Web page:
Example: a good idea will increase the available maths teachers with at least 20 %, a good idea will reduce the amount of students that get no maths teaching with 80 % at least. A good idea will not cost more than the salaries of maths teachers we don’t have at the pay this year.
In Innovation – Selecting Ideas we wrote about the importance of setting criteria for what should be regarded as a good idea. This should be done before you start to generate ideas.
Make it sexy
The thinking task should be formulated in a way that is as challenging, far-reaching, provoking, imaginative and energetic as possible. The classical IWWMW – In What Ways Might We – is not real inviting, neither does ” We need ideas to improve…” ignites any real enthusiasm
Example: . At least every child in secondary school should have 100 hrs maths a year by a qualified teacher. The amount of students that will have maths education will not exceed the available maths teachers. How to make rock-stars of maths teachers within two years?
Make it formal
When you have finally found a promising thinking task, write it down:
- the subject: about what we are going to think
- the goal of objective: what should be reached after the thinking session: a solution, an idea, an approach, a decision, etc
- selection criteria for assessing ideas
- the sexy question
Time spent a meticulous formulating the thinking task will reward you with hopefully better ideas in less time. And all ideas will land exactly where you were aiming at. You will hit the bulls-eye – every time! Why does it work? It works because you have a clear view of the dart board.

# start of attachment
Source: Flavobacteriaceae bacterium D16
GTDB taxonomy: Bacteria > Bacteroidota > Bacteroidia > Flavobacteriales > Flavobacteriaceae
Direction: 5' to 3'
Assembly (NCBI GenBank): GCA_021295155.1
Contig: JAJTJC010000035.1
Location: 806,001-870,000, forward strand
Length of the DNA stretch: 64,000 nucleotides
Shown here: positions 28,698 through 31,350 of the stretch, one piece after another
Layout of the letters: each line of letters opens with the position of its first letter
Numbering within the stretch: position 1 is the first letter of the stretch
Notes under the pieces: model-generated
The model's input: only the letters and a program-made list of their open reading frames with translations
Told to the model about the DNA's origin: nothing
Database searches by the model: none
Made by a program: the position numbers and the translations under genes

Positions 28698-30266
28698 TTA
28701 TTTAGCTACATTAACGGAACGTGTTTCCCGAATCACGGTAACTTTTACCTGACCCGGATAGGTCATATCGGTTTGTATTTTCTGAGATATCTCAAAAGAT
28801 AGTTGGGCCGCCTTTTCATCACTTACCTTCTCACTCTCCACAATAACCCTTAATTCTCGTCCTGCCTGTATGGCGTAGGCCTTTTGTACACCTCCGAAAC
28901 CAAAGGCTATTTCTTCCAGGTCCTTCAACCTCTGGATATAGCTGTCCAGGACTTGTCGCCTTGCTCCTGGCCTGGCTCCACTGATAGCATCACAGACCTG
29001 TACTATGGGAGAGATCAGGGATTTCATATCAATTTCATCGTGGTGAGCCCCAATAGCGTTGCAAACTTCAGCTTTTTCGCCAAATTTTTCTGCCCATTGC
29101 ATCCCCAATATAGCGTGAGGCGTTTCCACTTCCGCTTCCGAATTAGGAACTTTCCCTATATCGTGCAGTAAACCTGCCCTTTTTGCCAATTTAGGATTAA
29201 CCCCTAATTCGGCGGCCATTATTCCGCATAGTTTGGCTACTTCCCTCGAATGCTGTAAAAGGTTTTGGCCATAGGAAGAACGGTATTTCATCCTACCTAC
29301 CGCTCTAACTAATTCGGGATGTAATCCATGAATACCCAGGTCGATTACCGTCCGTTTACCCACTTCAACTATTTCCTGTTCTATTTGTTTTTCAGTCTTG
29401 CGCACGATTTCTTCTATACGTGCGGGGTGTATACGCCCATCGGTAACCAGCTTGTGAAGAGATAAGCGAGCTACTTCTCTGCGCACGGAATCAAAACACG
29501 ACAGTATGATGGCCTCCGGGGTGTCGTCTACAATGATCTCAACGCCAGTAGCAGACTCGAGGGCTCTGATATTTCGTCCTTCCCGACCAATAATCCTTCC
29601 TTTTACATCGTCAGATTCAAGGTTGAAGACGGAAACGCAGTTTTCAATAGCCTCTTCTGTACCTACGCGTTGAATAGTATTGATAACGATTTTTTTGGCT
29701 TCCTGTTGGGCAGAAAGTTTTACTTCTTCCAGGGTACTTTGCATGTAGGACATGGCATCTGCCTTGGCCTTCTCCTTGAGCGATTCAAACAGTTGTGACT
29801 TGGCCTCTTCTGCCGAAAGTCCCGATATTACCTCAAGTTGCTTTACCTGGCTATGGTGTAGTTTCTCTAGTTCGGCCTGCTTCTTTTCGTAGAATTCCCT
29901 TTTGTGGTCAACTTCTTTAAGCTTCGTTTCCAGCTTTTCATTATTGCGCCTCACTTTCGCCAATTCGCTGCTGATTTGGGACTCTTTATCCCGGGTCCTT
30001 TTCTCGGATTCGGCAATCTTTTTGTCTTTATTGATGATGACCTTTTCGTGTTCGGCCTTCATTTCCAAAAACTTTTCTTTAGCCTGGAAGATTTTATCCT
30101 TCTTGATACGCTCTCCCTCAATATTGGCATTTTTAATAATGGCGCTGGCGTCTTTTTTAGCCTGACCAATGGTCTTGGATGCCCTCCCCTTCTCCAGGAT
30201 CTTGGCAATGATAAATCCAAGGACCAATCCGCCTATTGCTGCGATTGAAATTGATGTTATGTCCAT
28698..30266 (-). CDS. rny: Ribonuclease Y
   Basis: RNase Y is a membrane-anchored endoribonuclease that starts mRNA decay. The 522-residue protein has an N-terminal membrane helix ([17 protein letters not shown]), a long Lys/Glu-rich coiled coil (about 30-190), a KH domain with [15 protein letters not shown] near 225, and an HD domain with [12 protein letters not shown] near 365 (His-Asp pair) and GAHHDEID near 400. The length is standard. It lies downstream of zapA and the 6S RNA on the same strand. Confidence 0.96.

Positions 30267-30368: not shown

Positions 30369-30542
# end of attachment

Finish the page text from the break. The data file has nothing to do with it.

In 10 research tips for finding answers online Danielle Thomson shared some of her best research tips to help you in those “why can’t I find this?” moments. One of them is this:
There are no new questions. Have a research question? Trust me, it’s been asked before. Put your exact question into quotations as a search term, and you will find, at the very least, a lead to your answer. Want to find out how much of the ocean has been explored? Type “How much of the ocean has been explored” into your search engine, and you will likely get your answer.
In this Thinkibility nibble we will challenge our readers to come up with a question that a search engine cannot answer.
If you will find one, don’t worry. Also, for your contribution we will reward you with our new e-book: 12 Thinking Strategies.
Moscow Subway Ticket Machine Accepts Physical Exercise As Payment
To promote exercise and the 2014 Olympics, Olympic Changes installed a very special ticket machine at the Moscow subway station. Instead of accepting money as payment, the high-tech ticket machine only accepts exercise. Riders could receive a free ticket by standing in front of the machine’s camera.
We think it is interesting. But why is it interesting? Why did it caught our attention?
By the way, what is the concept of interesting?
This map was made by using the Thinkmap Visual Thesaurus, an excellent tool for explore your thinking.
Suddenly we have fifteen focus area to reflect why a Physical Ticket Machine is interesting. And that could help you to bring the idea further. Could you come up with ideas to improve the concept? Other applications? Other ways to carry out the concept? Comparable concepts?
We would like to hear your suggestions but consult first with your patent office.